Making money: Are you an independent producer looking for profit? Blip.tv, Brightcove, Metacafe,Revver, and Veoh will split advertising revenue with you, 50/50.
We particularly appreciated a unique feature of Revver whereby you earn 20 percent of the revenue from videos you've shared (on, say, your Revver page or a personal blog) even if they're not yours; the remaining 80 percent is split evenly between the video's creator and Revver.
Mobile uploads: Blip.tv and Jumpcut let you upload videos captured by your camera phone by attaching the video to an e-mail message while YouTube uses your cell phone's MMS (Multimedia Message Service) capabilities. But in previous tests conducted with a Palm Treo 750 smart phone, we couldn't upload videos of more than 5 seconds' duration at the phone's best resolution because of file limitations by various carriers.
Think before you link: Even if you're posting embedded video on your personal blog, most of the players that we looked at link back to their Web site in some way. This state of affairs raises the possibility of stumbling upon video, comments, or advertising that some people might consider inappropriate. Many sites have "family filters" that are enabled by default, but it's still worth checking what surrounds your video before you dispatch a mass e-mail notification to friends, family, and colleagues.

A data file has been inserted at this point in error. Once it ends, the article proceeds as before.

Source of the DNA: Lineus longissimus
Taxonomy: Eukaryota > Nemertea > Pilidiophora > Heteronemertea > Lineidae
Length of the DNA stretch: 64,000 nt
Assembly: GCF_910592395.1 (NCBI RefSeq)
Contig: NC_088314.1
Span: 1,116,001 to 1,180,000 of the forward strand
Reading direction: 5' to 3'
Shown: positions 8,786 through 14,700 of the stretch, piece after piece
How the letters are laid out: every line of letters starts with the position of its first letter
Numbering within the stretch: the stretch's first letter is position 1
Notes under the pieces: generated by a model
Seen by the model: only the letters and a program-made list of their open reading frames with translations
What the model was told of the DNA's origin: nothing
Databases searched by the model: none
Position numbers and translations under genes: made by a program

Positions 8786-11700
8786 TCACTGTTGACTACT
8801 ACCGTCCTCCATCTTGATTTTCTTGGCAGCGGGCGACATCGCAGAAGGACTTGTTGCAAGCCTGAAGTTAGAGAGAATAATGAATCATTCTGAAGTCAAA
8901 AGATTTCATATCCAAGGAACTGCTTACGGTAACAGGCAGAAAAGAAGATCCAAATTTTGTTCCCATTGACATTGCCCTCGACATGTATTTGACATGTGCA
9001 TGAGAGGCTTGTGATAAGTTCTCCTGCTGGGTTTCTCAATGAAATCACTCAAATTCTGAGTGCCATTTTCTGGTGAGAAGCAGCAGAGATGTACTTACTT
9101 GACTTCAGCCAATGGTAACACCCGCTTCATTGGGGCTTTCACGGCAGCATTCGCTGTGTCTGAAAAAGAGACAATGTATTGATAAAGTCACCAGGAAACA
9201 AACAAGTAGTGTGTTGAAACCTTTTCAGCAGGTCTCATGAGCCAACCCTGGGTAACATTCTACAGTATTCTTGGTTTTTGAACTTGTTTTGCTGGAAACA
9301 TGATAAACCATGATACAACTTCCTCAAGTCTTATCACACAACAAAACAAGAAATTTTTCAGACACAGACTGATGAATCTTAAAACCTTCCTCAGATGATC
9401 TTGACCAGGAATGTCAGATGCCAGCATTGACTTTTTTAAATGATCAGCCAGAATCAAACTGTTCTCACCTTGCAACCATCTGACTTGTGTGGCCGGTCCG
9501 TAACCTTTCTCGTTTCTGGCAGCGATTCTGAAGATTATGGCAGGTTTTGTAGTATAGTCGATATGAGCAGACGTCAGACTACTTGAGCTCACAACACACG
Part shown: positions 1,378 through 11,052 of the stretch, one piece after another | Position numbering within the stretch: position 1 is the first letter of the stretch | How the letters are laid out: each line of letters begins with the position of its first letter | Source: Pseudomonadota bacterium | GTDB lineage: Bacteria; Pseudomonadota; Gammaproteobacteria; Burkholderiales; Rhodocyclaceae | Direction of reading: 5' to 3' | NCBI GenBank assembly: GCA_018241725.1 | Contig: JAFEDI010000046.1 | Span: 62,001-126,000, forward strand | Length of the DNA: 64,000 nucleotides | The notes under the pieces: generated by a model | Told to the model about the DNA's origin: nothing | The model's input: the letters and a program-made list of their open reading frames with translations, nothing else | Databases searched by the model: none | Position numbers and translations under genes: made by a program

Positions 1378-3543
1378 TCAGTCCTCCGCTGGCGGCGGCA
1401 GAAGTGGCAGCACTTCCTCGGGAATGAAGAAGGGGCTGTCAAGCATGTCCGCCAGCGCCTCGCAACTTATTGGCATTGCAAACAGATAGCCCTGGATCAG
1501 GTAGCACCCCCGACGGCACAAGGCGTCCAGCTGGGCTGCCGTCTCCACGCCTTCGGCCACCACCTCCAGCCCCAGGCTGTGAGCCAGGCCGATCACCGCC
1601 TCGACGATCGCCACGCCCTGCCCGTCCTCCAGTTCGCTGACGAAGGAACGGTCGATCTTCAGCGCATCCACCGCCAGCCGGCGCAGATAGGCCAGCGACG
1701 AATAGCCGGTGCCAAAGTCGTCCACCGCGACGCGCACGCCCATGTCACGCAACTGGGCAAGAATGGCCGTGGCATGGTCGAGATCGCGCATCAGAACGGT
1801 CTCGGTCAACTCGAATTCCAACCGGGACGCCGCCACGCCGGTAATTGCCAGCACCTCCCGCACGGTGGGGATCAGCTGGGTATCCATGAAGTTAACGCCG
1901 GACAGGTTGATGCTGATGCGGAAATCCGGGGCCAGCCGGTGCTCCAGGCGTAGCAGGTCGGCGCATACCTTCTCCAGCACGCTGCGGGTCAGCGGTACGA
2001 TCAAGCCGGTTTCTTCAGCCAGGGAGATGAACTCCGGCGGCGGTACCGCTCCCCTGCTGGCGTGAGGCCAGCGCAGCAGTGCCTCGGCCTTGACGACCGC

Protect your copyright: Be sure to read a video sharing site's terms and conditions carefully before you upload. Most sites we looked at have license agreements under the terms of which you grant the service the right to do things like host, transcode, distribute, and make money by selling advertising around your video. Usually, these are basic boilerplate agreements that let you retain copyright control and the ability to remove a video at all times. Most sites inform visitors that your video is a protected work--not in the public domain. Some, like Blip.tv and Revver, even let you use certain Creative Commons licenses that let you decide whether you want to require attribution, restrict commercial use, or allow modifications and reuse under specified terms.
YouTube shares video, not income
Surprisingly, YouTube and Google Video's revenue programs tend not to be accessible to the average Joe. YouTube's Partner Program is limited to big-media or hand-selected individuals, while Google wants producers backed by at least 1000 hours of video for its High Quality or Day-Pass (time-limited) download sales program. (And another heavyweight's video sharing site, Microsoft's Soapbox, doesn't have revenue sharing.) By contrast, Brightcove permits you to create paid downloads and distribute them through AOL's Video store; Veoh has a similar system. Both let you keep a 70 percent share of the profits.
These services also maintain syndication programs wherein either you or the service develops commercial relationships with third-party Web sites interested in using certain video content.
Sites we considered
In alphabetical order, here are all the sites we initially considered for this story. Each name is a link.
Crackle (formerly Grouper)